Among the key works in the exhibition: Flowers emerge out of the darkness. These works are reminiscent of the Dutch masterpieces of the 17th century and a reminder of the transitory nature of everything. Floating alongside the blossoms are jewel-like creatures and shells, dramatically shrouded by golden nets and sheets of suffocating cellophane.
“We are living through an age where our lens on the world must constantly shift and refocus as new ideas, crises, social movements and the natural environment rapidly changes.
A level of poetic consciousness is required to navigate this complex new world andat-times hopeless landscape. Orpheus was a poet, a prophet and a musician in Greek mythology who at the end of his life worshipped no god but the sun.
For these images, I wanted Orpheus to be a woman who is glistening oracle-like, asleep on a dark sandscape. The viewer is invited to embrace their own mortality and energy for change simultaneously. To dare to be one’s own illumination—like a transient point of light in a night sky."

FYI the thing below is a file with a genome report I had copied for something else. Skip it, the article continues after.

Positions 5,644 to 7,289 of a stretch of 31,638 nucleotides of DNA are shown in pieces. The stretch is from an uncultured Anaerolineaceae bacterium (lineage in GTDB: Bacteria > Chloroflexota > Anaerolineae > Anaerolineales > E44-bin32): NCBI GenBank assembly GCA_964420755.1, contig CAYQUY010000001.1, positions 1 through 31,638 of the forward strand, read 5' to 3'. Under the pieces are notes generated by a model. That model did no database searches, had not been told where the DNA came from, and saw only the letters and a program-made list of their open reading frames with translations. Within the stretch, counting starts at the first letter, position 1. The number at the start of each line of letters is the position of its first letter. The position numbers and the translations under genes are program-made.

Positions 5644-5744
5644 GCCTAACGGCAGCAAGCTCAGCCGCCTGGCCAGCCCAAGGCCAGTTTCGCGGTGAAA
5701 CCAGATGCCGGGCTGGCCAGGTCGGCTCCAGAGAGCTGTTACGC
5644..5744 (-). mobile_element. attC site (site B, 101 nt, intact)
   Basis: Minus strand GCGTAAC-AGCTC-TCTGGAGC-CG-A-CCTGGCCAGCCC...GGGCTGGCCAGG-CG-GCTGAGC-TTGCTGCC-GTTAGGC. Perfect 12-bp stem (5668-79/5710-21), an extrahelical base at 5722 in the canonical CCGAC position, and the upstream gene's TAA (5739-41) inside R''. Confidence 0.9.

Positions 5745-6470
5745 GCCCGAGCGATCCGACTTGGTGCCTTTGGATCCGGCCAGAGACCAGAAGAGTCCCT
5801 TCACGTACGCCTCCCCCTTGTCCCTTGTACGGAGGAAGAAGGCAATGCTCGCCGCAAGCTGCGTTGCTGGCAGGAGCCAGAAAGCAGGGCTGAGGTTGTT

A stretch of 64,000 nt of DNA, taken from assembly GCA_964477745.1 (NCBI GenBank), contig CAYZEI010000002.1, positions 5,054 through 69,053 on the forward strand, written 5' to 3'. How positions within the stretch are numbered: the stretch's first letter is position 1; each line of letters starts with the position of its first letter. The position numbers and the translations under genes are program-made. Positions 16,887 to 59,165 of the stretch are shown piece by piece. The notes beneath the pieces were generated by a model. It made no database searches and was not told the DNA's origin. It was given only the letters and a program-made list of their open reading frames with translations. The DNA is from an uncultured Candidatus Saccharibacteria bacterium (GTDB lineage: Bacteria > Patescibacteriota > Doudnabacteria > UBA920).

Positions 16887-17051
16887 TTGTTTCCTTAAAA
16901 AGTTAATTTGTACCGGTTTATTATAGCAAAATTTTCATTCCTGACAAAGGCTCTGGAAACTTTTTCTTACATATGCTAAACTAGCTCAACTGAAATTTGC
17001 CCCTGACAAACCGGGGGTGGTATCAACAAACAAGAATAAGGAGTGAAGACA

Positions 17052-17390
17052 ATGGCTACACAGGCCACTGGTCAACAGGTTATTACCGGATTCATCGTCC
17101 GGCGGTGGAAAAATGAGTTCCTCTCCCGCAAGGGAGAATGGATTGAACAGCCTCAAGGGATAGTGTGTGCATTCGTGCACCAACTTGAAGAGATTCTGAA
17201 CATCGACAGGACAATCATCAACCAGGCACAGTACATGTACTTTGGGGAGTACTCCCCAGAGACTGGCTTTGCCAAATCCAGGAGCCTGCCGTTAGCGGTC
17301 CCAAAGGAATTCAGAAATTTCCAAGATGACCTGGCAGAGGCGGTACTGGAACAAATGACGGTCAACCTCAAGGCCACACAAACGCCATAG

ORPHEUS is showing from the 2nd – 26th February
1214 High Street
Entry is free
Wednesday 2nd February
For a copy of the catalogue, more information on this exhibition or to enquire about these works, please contact:
T: 03 9500 8511
M: 0409 409 239
A: 1214 High Street, Armadale
‘ORPHEUS’ Upcoming Solo Exhibition, Metro Gallery
January 15, 2022
Finally this is happening. It’s been a long wait & I absolutely can’t wait to show you my new body of work!
Pre-sales are now open for my solo exhibition ORPHEUS opening in less than 3 weeks at Metro Gallery on Wednesday the 2nd of February from 6-8pm.